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South African Economic Policy under Democracy$
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Janine Aron, Brian Kahn, and Geeta Kingdon

Print publication date: 2009

Print ISBN-13: 9780199551460

Published to Oxford Scholarship Online: May 2009

DOI: 10.1093/acprof:oso/9780199551460.001.0001

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Capital Flows, Financial Markets, and the External Balance Sheet

Capital Flows, Financial Markets, and the External Balance Sheet

Chapter:
(p.118) 5 Capital Flows, Financial Markets, and the External Balance Sheet
Source:
South African Economic Policy under Democracy
Author(s):

Jonathan Leape

Lynne Thomas

Publisher:
Oxford University Press
DOI:10.1093/acprof:oso/9780199551460.003.0005

This chapter examines the volume and composition of capital flows in South Africa, distinguishing between net flows of foreign (non-resident) capital and net flows of domestic (resident) capital. Two key themes are the response of investors to capital account liberalization and the role of domestic capital markets in influencing the composition of flows. Section 2 assesses exchange control reform in South Africa, emphasizing the gradual nature of the liberalization strategy and the priority given to macroeconomic and financial sector stability. Section 3 examines the composition of foreign capital inflows, in particular the high levels of inward portfolio investment supported by developed local capital markets. Section 4 focuses on outward investment by South African residents in the form of institutional investors, companies, and individuals. Section 5 concludes with an assessment of the implications of the changes in the financial account since 1994 for the external balance sheet and for macroeconomic policy.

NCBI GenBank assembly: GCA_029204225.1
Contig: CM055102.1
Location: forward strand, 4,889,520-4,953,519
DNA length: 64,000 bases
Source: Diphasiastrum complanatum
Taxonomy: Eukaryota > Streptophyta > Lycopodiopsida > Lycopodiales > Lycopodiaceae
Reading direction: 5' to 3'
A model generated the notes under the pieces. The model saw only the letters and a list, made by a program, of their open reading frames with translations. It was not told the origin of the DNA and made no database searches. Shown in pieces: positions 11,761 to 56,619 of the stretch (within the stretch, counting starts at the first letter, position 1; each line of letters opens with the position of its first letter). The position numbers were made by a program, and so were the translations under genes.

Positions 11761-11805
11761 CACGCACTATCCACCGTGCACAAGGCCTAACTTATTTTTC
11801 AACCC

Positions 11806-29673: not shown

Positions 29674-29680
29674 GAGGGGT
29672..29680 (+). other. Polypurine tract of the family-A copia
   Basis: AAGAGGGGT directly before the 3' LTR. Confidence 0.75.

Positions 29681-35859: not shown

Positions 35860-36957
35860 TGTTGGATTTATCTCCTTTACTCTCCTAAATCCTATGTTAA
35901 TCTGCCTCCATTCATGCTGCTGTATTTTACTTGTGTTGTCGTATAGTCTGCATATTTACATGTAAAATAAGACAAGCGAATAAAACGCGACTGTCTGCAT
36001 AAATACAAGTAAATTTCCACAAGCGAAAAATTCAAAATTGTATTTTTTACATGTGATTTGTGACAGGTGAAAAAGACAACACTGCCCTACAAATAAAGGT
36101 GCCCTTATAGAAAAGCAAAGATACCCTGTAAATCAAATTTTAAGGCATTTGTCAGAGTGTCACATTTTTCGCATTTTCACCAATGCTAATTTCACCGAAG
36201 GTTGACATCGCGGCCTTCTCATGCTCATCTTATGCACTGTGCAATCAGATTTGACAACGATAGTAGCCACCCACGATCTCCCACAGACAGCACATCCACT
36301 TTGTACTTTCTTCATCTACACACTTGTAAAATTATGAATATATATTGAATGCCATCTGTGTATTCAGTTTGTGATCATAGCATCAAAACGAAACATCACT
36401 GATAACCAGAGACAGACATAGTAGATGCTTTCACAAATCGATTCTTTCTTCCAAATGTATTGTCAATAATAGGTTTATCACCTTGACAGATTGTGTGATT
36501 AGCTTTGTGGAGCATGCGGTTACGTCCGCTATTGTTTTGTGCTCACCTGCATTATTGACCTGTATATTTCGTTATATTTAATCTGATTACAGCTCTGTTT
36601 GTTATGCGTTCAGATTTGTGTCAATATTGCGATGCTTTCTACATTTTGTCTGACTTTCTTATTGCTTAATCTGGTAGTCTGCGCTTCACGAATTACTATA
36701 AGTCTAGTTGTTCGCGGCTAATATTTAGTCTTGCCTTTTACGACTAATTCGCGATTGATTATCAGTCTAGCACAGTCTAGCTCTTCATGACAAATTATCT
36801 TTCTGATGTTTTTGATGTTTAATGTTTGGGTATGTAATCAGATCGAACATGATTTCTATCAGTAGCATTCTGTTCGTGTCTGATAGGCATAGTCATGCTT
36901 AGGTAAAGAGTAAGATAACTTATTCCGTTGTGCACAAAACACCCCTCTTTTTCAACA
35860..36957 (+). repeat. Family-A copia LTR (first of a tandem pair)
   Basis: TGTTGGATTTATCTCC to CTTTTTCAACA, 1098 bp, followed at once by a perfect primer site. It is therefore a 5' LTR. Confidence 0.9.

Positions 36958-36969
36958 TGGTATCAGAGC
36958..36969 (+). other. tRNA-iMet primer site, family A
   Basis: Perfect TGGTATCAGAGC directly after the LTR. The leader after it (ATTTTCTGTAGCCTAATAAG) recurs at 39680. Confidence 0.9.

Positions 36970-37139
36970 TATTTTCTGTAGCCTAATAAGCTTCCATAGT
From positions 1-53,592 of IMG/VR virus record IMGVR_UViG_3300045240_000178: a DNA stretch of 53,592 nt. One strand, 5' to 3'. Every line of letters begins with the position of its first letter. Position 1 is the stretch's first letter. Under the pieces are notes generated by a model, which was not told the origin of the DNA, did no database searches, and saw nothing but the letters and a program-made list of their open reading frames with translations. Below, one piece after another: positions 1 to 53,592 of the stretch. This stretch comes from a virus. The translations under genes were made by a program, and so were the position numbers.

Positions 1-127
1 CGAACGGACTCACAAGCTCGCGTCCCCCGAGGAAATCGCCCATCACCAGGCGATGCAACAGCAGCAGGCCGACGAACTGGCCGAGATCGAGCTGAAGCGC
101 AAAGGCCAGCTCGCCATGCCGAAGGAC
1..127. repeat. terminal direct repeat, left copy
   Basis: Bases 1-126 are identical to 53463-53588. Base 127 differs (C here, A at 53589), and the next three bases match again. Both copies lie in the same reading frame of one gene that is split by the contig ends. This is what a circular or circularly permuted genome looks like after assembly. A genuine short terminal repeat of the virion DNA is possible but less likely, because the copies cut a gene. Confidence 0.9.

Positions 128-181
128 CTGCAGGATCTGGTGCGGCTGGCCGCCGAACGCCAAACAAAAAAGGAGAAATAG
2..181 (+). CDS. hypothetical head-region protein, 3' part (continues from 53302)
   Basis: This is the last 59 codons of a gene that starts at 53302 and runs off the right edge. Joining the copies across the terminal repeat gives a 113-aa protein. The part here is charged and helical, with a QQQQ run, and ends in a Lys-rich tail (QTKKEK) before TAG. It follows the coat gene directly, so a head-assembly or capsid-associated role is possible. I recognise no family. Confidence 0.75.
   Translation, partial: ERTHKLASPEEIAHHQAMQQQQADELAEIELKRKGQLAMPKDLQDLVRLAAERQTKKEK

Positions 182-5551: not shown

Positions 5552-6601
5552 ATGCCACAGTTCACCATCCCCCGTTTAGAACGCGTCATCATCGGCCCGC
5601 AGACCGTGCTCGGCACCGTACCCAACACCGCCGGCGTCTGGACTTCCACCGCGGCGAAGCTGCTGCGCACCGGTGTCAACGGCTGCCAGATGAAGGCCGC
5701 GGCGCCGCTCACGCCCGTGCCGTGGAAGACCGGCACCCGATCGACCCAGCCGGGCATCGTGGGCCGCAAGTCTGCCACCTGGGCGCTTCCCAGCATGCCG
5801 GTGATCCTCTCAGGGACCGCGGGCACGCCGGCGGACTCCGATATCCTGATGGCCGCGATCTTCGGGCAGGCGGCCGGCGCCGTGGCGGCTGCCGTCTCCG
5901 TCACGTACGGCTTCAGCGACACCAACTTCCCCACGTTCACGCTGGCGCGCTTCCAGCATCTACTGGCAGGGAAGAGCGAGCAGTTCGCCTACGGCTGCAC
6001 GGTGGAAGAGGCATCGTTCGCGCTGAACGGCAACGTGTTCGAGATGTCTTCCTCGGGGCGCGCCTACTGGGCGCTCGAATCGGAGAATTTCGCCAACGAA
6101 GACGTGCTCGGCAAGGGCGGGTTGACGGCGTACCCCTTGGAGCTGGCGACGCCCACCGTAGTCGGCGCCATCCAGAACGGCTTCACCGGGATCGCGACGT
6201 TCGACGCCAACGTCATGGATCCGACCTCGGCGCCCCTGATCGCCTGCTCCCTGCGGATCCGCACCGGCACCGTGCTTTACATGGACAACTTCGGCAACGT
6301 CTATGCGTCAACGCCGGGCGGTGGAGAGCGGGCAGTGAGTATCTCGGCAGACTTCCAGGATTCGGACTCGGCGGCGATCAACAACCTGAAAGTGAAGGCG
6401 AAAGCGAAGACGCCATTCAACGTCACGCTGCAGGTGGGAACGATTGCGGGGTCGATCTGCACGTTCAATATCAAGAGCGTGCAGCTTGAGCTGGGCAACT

Keywords:   South Africa, capital inflows, foreign capital, domestic capital, exchange control, foreign investment

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